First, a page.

• At 12.15 a.m. Atlanta Fed Chief and FOMC member Raphael Bostic will give a speech on the U.S. economic outlook.
What are the strategists saying?

“There’s not much incentive to be heroic and step in here expecting some kind of rally in the next two weeks,” before we see liquidity dry up during the holiday season, Aaron Clark, portfolio manager with GW&K Investment Management told MarketWatch.

“There won’t be much fundamental news until earnings start up again in January, so whether markets move up or down in the next two weeks is a crapshoot,” he said, arguing that many investors will simply wait on the sidelines until they have more information that could help make “a rational case” for where markets are headed in 2019.

“Just when you thought it was safe to go back in the water,” lamented Joel Kulina, Wedbush Securities analysts in a note to clients, “First we get DJT’s “Tariff Man’ tweet on Tuesday, followed by the shocking news of Huawei global CFO arrest at the request of the U.S.,” he said, noting that this event has weighed heavily on markets Thursday morning.

The arrest is “clearly creating further uncertainty on global trade and how companies are positioning themselves for 2019,” he wrote.

“The timing of the arrest is key here. Markets are already incredibly nervous over slowing economic growth thanks to the inverted U.S. yield curve. Relations between the U.S. and China were supposed to be on the mend after a productive G-20. However, the arrest has the potential to shatter very fragile U.S.-Sino relations which will weigh further on global trade and growth concerns,” said Jasper Lawler, head of research at London Capital Group, in a note to clients.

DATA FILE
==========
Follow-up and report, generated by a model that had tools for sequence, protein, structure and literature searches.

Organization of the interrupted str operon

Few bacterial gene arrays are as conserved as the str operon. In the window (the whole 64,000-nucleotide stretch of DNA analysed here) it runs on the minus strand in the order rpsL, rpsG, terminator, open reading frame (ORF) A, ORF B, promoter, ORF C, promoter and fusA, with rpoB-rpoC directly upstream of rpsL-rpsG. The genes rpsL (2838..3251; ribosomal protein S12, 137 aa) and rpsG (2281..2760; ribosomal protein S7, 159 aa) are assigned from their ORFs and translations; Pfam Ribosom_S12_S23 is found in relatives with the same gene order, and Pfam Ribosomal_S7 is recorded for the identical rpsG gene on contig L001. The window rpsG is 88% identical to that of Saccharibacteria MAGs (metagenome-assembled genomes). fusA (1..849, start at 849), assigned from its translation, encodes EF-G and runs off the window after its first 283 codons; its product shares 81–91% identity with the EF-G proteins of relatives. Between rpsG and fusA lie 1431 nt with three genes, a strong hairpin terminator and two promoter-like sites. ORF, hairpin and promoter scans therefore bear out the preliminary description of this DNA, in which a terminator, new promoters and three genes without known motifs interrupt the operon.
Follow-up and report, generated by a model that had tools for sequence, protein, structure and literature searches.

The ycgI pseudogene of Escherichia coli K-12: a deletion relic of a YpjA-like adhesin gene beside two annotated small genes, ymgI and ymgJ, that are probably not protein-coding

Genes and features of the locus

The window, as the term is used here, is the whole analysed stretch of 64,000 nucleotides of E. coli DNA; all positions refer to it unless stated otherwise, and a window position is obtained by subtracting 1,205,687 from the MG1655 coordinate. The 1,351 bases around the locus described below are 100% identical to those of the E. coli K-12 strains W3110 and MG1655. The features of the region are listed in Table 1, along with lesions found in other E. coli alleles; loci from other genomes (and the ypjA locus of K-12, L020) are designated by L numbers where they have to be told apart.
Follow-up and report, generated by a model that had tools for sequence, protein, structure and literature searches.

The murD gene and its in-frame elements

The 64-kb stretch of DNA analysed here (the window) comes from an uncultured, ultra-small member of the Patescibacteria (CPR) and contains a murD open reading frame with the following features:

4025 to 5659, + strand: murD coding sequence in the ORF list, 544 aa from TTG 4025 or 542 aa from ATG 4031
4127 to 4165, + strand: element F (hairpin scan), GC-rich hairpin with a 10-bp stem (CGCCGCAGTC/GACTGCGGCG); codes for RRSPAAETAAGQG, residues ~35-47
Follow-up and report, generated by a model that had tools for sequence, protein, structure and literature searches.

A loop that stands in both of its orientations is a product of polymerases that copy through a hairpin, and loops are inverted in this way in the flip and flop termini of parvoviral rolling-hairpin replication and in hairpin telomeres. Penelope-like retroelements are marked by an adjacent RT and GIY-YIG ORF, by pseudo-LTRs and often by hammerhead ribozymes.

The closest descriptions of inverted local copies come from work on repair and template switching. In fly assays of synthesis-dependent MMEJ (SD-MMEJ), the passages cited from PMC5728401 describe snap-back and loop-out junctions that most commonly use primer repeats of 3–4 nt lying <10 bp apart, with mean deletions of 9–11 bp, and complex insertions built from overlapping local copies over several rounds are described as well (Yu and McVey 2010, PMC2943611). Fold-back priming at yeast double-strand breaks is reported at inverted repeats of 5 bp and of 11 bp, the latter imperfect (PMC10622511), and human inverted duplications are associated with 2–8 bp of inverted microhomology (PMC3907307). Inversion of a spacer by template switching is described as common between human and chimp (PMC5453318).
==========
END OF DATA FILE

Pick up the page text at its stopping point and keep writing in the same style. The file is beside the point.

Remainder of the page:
And “despite recent heavy selloffs, the bottom isn’t in sight and the markets have further to fall. The big swings of late are representative of a very jittery market,” added Lawler.

Read: December historically is the most wonderful time of the year for stocks

What stocks are in focus?

Tech stocks were under pressure early Thursday, with Apple Inc. AAPL, -3.08%   dropping 2.7% early Thursday, while Chinese internet firm JD.com Inc. JD, -1.54%   is down 2% and Baidu Inc. BIDU, -1.00%   has fallen more than 1%.

Semiconductor firms are also being dragged down, with Xilnix Inc. XLNX, -4.06% down 3.3%, Micron Technology Inc. MU, -1.49%   down 1%, Broadcom Inc. AVGO, -4.91%   off 3.8%, and Nvidia Corp. NVDA, -2.40% down 1.8%

Shares of Children’s Place Inc. PLCE, -15.87%   are plunging more than 14% Thursday, hitting thirteen-month lows, after the retailer cut its earnings and margin outlook for the full year 2018.

Costco Wholesale Corp. COST, +0.54%   stock is in focus Thursday, after the company reported fiscal fourth-quarter same-store sales rose 8.8%, above analysts estimates. The stock has risen 0.6%.

Shares of Sears Holdings Corp. SHLDQ, +7.69%   are surging more than 6%, after Eddie Lampter’s ESL Investments Inc. placed a bid of $4.6 billion to purchase what remains of the retailer.

What are other markets doing?

Asian stocks fell sharply across the board, with the bulk of losses hitting tech stocks, and the Hong Kong Hang Seng Index HSI, -2.47%  bearing the brunt of losses, dropping 2.5%. European stocks SXXP, -2.88%  also traded lower across the board.

Benchmark U.S. crude CLF9, -4.05%  is falling 4.4% to $50.59 a barrel, while the international benchmark, Brent crude LCOG9, -3.36% is down 3.5% to $59.38

Gold prices GCG9, +0.43%  are rising 0.4%, and the ICE Dollar Index DXY, -0.32% is edging down 0.4%

Providing critical information for the U.S. trading day. Subscribe to MarketWatch’s free Need to Know newsletter. Sign up here.